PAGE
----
Friday, March 5, 2010

Update 12

It's Friday! & the sun's out!
Bn listening this aft 2 The Left Banke's 1st 2 (1966-68) & Happy the Man's 1st -- they're both keepers.
Mucha the Left Banke's stuff sounds like Xcellent lost mid-'60s bubblegum/early-psychedelic pop hits, especially "She May Call You Up Tonight" & "I've Got Something on My Mind."
On their 2nd album, TOO, "Desiree" really WAS a lost mid-'60s coulda-bn hit: EZ 2 C why it WASN'T, tho. Tho the words R great & Steve Martin's singing is Xcellent, John Abbott's kitchen-sink production & the thick mix of the band's vocals, the harpsichord & the horns musta sounded like a real mess coming outta a car radio in 1967. There's a lot 2 hear there, 2 much 2 focus on really -- no wonder "Desiree" peaked at #98. The CD version adds punch 2 the horns, but as a result the group's "la-la-la" vocals on the choruses sound even more lost in the flood -- still great stuff, tho....
"Pretty Ballerina" I'd heard Xactly 1nce B4, it's gorgeous & haunting. The CD repro on "Walk Away, Renee" un4tun8ly softens what was already a tissue-soft song 2 Bgin w/. Now U can't even hear the cymbal smash that leads in2 the chorus. Still gorgeous tho, & it was 1a my fave songs when I was 12 yrs old....
Summa the rest is ... a little odd, like the band was pulling inna lotta diffrent directions: There's the self-consciously rockin(!) "Evening Gown" & "Lazy Day," & the countryish "What Do You Know?" I could do w/o the self-conscious societal criticism in "Barters and Their Wives" & "Men are Building Sand," & "Myrah" is a REAL downer -- they mayB got 2 psychedelic 2 quick. Haven't got thru alla TWO yet, but I'll B going back 4 more.
& what a songwriter that Michael Brown was, eh? (If U haven't heard NE of his later work w/ Stories on albums like the great ABOUT US, U're missing out.)
The CD version of these albums I've got is pretty cheap -- fuzzy photos of the album covers, no songwriting or production credits, just silly period photos & nametags 4 the band, & Red Cap CDs (whoever they R) can't spell song-titles right or even provide a company address -- but it all SOUNDS really good & I'll B listening more.
+ the CD is jammed full: 27 trax, more than 70 mins of music near as I can count, 2 full albums + 6 bonus trax including the "Ivy, Ivy"/"And Suddenly" single Brown released under the Left Banke name, Brown & Martin's "Myrah" single from '69 & other oddities, probly everything U'd ever want. So I can't complain about value 4 the $$$....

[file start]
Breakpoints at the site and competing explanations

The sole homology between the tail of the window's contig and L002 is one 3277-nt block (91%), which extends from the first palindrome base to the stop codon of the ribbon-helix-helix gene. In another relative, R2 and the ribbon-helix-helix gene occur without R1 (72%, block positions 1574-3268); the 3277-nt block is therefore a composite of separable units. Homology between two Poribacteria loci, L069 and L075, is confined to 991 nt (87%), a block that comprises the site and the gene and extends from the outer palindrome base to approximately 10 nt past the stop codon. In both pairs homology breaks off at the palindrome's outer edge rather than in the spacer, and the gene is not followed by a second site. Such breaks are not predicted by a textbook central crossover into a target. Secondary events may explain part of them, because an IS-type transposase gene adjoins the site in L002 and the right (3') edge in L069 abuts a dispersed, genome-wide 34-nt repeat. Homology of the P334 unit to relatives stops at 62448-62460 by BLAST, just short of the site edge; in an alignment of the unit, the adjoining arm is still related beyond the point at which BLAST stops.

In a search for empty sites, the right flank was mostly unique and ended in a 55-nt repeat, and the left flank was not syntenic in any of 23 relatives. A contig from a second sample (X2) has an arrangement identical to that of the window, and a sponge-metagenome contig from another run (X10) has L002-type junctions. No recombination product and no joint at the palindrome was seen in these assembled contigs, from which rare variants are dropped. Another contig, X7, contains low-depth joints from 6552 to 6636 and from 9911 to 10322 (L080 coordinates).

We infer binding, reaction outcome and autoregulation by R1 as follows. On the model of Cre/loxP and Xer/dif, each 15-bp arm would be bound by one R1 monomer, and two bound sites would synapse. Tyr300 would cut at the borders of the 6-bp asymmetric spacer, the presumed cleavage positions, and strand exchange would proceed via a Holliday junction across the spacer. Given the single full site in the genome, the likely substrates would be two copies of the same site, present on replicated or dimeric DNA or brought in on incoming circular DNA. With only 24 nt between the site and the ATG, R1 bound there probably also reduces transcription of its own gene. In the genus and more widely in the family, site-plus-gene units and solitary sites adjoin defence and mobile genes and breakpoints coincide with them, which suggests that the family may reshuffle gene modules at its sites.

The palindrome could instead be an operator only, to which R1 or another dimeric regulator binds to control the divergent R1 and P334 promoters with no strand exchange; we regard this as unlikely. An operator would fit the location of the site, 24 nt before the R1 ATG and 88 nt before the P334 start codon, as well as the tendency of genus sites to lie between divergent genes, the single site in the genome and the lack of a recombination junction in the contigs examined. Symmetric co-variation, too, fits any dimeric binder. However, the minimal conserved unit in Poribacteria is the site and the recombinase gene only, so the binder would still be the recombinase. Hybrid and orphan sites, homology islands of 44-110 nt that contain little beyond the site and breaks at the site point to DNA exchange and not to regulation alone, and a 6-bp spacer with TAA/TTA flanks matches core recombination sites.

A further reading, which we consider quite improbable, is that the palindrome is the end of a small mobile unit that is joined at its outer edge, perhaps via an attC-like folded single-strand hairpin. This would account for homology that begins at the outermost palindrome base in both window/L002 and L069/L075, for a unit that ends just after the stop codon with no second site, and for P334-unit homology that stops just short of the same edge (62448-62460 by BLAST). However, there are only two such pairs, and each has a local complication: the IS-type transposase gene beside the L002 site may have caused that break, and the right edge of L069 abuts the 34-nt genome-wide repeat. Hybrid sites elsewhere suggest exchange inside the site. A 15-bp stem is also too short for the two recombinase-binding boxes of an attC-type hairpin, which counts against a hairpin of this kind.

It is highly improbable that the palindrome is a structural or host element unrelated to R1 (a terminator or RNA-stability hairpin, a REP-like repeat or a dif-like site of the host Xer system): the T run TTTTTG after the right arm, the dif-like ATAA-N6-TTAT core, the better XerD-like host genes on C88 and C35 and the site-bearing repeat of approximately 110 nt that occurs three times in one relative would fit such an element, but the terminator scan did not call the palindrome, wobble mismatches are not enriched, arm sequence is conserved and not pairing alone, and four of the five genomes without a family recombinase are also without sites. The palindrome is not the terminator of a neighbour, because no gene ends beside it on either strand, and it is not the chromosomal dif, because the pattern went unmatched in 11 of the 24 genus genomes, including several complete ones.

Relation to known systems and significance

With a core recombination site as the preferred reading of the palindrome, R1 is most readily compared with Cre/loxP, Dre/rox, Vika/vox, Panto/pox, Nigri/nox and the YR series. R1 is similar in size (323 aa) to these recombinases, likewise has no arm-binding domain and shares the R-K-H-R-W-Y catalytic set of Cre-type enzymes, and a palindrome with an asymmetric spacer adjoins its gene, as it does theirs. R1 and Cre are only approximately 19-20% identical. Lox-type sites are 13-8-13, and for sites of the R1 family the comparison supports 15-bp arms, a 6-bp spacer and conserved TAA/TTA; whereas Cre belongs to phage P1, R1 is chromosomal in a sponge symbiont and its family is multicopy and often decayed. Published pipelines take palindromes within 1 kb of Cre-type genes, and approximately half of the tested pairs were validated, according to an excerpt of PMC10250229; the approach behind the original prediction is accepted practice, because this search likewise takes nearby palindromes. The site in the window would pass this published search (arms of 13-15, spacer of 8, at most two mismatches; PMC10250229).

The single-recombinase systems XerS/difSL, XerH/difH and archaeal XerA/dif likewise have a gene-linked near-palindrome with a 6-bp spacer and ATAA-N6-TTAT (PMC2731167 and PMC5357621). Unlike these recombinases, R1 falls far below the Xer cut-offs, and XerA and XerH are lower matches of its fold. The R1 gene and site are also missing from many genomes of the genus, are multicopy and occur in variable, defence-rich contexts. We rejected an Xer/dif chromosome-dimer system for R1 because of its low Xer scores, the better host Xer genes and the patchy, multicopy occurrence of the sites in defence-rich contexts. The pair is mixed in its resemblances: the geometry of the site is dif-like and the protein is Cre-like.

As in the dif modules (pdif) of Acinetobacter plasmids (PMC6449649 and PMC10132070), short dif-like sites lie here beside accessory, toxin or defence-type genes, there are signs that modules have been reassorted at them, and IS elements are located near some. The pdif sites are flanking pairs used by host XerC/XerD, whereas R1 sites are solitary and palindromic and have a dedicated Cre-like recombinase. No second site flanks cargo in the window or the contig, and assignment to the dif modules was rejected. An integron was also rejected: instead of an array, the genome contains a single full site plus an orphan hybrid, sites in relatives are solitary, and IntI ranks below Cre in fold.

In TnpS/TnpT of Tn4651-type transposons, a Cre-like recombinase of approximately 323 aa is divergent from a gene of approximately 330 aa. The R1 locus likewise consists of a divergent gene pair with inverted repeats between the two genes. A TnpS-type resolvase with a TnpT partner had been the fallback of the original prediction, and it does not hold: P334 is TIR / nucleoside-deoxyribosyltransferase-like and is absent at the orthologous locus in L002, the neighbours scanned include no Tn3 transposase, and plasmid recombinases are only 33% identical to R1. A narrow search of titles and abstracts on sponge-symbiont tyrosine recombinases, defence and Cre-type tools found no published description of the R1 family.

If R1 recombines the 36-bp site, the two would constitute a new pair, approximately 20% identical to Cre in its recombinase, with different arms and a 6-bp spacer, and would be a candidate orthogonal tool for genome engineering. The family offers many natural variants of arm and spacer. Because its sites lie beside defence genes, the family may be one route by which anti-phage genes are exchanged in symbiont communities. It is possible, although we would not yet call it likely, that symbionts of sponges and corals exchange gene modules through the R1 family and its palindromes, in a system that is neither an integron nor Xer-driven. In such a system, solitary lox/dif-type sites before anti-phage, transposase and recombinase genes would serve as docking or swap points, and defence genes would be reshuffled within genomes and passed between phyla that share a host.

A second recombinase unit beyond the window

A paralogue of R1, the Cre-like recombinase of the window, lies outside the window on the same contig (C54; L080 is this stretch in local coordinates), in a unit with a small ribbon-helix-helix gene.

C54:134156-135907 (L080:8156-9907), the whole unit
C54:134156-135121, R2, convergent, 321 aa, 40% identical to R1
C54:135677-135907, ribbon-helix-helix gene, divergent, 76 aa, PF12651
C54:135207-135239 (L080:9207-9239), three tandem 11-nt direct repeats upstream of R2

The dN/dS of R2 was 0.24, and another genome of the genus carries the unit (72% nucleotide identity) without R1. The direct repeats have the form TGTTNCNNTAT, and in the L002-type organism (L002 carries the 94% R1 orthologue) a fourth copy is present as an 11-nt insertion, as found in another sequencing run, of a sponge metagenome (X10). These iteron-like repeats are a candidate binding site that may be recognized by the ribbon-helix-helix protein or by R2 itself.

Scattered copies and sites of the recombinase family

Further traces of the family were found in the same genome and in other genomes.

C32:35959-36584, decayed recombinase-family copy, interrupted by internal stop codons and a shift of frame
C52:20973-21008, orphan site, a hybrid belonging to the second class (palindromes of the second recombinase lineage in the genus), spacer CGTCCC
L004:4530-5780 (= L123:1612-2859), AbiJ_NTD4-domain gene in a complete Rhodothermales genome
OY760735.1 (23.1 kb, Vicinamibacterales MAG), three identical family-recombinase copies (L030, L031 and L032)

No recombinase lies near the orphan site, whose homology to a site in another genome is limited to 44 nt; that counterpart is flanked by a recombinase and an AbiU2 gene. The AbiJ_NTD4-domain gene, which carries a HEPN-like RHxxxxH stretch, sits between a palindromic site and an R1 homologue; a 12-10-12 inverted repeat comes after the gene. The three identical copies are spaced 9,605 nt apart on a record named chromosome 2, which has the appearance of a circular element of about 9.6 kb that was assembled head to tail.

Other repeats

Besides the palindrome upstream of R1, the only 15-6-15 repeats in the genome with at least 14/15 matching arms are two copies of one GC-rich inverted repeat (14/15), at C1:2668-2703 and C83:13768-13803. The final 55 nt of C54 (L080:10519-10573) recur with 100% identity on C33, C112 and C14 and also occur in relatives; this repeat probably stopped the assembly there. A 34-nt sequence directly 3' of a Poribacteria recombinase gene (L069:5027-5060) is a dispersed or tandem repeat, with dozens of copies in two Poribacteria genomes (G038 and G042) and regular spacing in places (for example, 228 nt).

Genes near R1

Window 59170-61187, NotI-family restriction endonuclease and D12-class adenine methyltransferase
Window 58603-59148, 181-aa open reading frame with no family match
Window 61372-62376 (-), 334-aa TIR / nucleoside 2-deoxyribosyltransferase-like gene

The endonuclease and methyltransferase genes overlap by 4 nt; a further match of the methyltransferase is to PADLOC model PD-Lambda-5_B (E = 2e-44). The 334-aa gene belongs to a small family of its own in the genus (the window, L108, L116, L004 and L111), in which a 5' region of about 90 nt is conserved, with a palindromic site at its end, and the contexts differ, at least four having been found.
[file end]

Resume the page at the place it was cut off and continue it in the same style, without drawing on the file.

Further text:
Happy the Man's 1st (1977) takes awhile 2 get started. "Starborne" sounds like flowing mood music w/o something 2 focus yr attn, & summa the other trax like "Carousel," "Stumpy Meets the Firecracker in Stencil Forest" & "Knee Bitten Nymphs in Limbo" sound like jumpy, fast-moving outtakes from "Steaming Pipes" on HTM's superior 2nd album CRAFTY HANDS (1978).
But: "On Time As a Helix of Precious Laughs" is WONDERFUL! Every review I'd ever read of these guys useta really zing guitarist Stan Whittaker 4 his kinda robotic vocals, but they work perfectly here (as they do on the blowout "Wind-Up Doll Day Wind" on CRAFTY HANDS). & the song's theme, about how time passes & how love & laffs hold it all 2gether & help it make sense -- well, if yr a nostalgic like me it'll probly hit U right Btween the eyes. & there's a killer flashy middle section w/ lotsa tasty & dramatic gtr.
Everything after that's at least high-quality. & there's lotsa pretty, flowing gtr/keyboard/flute/sax instrumentals. Summa it mayB shows the band trying 2 show how fast & flashily they can play, when I'd like them 2 mayB slow down just a touch. But I'll B playing this 1 a bunch more, if only 4 "Time."
Ken Scott produced, Ed E. Thacker engineered, getting the same clear, pristine sound he later got 4 Group 87 -- & the booklet w/ this reissue claims Arista Records spent $250,000 on production 4 HTM's 1st 2 albums. I think it was worth it....

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